Hospitals around the country have found a new way to deal with smokers — not hiring them.
The Hospital of the University of Pennsylvania is considering a policy of no longer hiring smokers, according to HUP spokeswoman Susan Phillips.
“We are committed to having a safe and healthy environment for all of our employees and are concerned with the health impacts of smoking,” Phillips said.
While an official decision has yet to be reached on the policy, Phillips said the hospital expects to reach a decision by the end of the academic year.
The policy would not impact current hospital employees who smoke, though HUP “encourages them to take advantage of classes, help and information on quitting smoking,” Phillips said.
Should HUP adopt the new hiring policy, it would join an increasing number of hospitals and other medical facilities who have stopped hiring smokers, according to a recent article in The New York Times.
These policies raise questions of fairness for Patricia Eakin, president of the Pennsylvania Association of Staff Nurses and Allied Professionals.
“I think not hiring somebody because they have a habit that is perfectly legal is unfair and not right,” said Eakin, who is an emergency room nurse at Temple University Hospital.
Eakin likewise worried that the trend could be taken too far.
“Where does it stop?” she said. “If you’re talking about banning hiring them because they have an unhealthy habit, what about all the other unhealthy things people do?”
Instead, Eakin supports policies of “encouraging people not to smoke and trying to support them in smoking cessation activities.”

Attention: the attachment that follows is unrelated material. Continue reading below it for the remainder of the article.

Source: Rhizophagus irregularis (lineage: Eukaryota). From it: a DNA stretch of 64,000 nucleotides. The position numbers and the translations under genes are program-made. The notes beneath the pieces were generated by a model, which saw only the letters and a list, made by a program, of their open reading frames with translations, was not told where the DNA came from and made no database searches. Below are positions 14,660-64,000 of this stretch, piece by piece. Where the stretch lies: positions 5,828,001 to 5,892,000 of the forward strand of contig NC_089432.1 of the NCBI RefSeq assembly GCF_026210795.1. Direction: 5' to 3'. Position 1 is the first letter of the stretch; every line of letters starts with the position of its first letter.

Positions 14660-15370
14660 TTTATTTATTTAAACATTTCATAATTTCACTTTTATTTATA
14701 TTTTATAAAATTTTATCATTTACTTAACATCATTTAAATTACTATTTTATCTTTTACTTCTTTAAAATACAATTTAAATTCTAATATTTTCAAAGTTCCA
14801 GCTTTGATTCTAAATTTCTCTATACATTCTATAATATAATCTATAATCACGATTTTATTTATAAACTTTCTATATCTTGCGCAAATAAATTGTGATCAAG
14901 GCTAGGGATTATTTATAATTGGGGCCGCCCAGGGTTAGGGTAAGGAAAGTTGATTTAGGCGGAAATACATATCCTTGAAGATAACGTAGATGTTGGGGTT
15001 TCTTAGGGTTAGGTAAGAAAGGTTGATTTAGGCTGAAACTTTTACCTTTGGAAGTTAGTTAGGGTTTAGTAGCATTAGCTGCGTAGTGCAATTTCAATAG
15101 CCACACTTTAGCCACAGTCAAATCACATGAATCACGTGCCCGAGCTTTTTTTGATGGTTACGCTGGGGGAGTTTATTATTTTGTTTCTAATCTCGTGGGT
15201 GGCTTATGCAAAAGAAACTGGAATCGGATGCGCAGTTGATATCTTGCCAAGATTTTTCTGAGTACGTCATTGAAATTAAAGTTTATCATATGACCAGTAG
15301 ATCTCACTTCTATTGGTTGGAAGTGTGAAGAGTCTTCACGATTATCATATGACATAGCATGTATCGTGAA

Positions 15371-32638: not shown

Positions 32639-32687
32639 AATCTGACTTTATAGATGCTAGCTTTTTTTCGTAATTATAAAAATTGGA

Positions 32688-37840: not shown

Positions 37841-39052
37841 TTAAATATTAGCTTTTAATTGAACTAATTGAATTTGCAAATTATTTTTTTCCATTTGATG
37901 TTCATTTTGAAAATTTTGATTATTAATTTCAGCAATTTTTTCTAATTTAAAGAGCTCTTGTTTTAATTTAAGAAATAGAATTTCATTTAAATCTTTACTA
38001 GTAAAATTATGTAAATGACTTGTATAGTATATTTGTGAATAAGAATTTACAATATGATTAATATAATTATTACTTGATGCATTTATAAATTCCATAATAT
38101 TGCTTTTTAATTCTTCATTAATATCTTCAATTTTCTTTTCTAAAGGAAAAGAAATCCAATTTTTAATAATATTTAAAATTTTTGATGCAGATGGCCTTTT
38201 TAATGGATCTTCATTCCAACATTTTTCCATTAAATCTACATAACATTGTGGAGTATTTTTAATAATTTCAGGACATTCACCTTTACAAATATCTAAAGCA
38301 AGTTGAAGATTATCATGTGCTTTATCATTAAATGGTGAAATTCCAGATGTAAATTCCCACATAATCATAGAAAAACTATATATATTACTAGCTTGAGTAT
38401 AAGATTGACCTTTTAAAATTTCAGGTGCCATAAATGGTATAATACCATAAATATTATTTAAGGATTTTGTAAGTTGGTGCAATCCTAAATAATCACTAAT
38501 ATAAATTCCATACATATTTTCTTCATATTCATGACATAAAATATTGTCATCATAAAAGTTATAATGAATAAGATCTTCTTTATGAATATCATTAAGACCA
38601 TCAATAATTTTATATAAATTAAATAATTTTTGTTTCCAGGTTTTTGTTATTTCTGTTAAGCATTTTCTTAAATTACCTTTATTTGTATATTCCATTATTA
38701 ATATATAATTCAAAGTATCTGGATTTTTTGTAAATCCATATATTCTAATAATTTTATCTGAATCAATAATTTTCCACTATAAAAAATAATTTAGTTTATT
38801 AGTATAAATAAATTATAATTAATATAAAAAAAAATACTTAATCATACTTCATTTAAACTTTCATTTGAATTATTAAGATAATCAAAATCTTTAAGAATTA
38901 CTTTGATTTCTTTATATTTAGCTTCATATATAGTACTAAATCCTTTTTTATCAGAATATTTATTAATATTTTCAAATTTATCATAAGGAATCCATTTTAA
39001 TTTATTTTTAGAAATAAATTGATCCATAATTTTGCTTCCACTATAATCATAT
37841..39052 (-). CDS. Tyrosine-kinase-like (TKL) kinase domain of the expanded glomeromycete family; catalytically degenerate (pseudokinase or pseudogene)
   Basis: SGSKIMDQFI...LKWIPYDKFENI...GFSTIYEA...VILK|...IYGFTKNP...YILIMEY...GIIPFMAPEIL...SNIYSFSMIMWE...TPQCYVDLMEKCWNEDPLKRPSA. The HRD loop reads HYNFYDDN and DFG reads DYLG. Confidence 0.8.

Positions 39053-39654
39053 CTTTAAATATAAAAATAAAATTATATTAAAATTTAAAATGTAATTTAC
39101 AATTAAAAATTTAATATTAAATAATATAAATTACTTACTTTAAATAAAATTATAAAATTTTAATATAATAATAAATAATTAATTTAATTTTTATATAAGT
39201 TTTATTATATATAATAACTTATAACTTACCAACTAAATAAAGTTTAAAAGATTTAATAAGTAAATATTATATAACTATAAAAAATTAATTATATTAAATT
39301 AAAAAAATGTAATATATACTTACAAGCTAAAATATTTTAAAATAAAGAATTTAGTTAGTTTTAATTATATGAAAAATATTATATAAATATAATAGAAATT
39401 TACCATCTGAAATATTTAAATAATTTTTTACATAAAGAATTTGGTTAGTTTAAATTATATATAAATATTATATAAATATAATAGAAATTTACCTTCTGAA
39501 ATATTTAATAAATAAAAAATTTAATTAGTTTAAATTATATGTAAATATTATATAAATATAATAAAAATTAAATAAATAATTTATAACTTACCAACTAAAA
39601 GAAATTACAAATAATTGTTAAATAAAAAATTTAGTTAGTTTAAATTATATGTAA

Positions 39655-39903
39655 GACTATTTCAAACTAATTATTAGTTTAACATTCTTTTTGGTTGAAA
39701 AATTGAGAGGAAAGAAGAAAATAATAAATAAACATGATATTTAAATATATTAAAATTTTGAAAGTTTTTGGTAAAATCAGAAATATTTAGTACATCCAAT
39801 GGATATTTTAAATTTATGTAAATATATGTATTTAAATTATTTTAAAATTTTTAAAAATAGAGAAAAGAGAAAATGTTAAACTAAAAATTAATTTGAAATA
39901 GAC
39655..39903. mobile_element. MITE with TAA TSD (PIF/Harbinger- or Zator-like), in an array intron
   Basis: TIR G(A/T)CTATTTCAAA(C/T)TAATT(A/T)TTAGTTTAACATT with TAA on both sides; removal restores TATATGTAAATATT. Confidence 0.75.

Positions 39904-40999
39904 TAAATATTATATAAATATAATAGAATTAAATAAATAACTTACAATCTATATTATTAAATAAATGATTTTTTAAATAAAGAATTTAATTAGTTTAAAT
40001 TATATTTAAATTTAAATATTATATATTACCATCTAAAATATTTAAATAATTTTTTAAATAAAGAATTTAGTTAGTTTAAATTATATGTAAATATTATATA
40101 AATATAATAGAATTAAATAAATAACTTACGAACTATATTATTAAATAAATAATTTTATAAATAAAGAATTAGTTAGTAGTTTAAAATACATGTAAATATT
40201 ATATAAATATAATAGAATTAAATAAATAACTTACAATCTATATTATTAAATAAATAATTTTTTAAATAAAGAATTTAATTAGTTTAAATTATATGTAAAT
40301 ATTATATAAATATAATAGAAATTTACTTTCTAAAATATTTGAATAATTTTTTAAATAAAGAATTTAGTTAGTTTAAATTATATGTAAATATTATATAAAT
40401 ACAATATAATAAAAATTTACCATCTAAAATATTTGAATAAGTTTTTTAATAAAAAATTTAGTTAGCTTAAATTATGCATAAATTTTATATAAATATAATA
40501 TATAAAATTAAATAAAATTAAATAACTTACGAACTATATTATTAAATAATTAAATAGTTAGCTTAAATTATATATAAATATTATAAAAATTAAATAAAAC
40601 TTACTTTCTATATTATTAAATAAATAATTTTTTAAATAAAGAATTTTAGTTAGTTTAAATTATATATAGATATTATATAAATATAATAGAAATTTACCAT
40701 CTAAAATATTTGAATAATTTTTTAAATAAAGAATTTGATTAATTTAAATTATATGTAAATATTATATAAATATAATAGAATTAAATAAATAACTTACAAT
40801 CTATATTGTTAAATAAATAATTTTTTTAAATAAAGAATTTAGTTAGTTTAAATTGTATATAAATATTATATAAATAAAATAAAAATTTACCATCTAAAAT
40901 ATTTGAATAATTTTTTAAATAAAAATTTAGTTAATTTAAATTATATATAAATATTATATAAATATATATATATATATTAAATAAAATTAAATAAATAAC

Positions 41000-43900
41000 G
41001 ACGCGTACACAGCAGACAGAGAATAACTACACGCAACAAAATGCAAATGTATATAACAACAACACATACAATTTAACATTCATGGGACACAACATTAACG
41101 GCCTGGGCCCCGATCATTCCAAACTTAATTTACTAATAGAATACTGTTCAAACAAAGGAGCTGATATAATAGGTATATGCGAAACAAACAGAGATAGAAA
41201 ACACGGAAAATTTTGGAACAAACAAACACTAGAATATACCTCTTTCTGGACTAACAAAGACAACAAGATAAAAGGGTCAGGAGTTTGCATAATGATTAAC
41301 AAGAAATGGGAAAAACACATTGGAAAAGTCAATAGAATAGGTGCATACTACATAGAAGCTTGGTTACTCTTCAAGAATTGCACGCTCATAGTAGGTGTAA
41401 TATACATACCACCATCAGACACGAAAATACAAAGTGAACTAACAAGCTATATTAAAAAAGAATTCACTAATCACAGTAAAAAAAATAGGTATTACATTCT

Though she does not support prohibiting the hiring of smokers, Eakin does believe that it compromises credibility when health professionals smoke, she said.
“It sends the wrong message to your patients and undermines your moral authority when you’re trying to counsel them to stop smoking when you smoke yourself,” Eakin said.
HUP’s current smoking policy prohibits smoking in any hospital facilities, though employees who do smoke can frequently be found along Spruce Street smoking during their breaks.
For students who have to walk down Spruce in order to get to class, the presence of smokers can be “obnoxious,” College freshman Whitney Kite said.
“I think it’s ridiculous and unacceptable that they’re nurses and they’re smoking,” Kite said.
College freshman Brigid Byrnes echoed Kite’s irritation toward having to walk past the group of smokers. Byrnes likewise expressed concerns as to the health risks of having hospital employees smoking.
“Cigarette smoke sticks to clothes and hair,” Byrnes said. “They wear their scrubs out to smoke, and it’s not like they change before going back in.”
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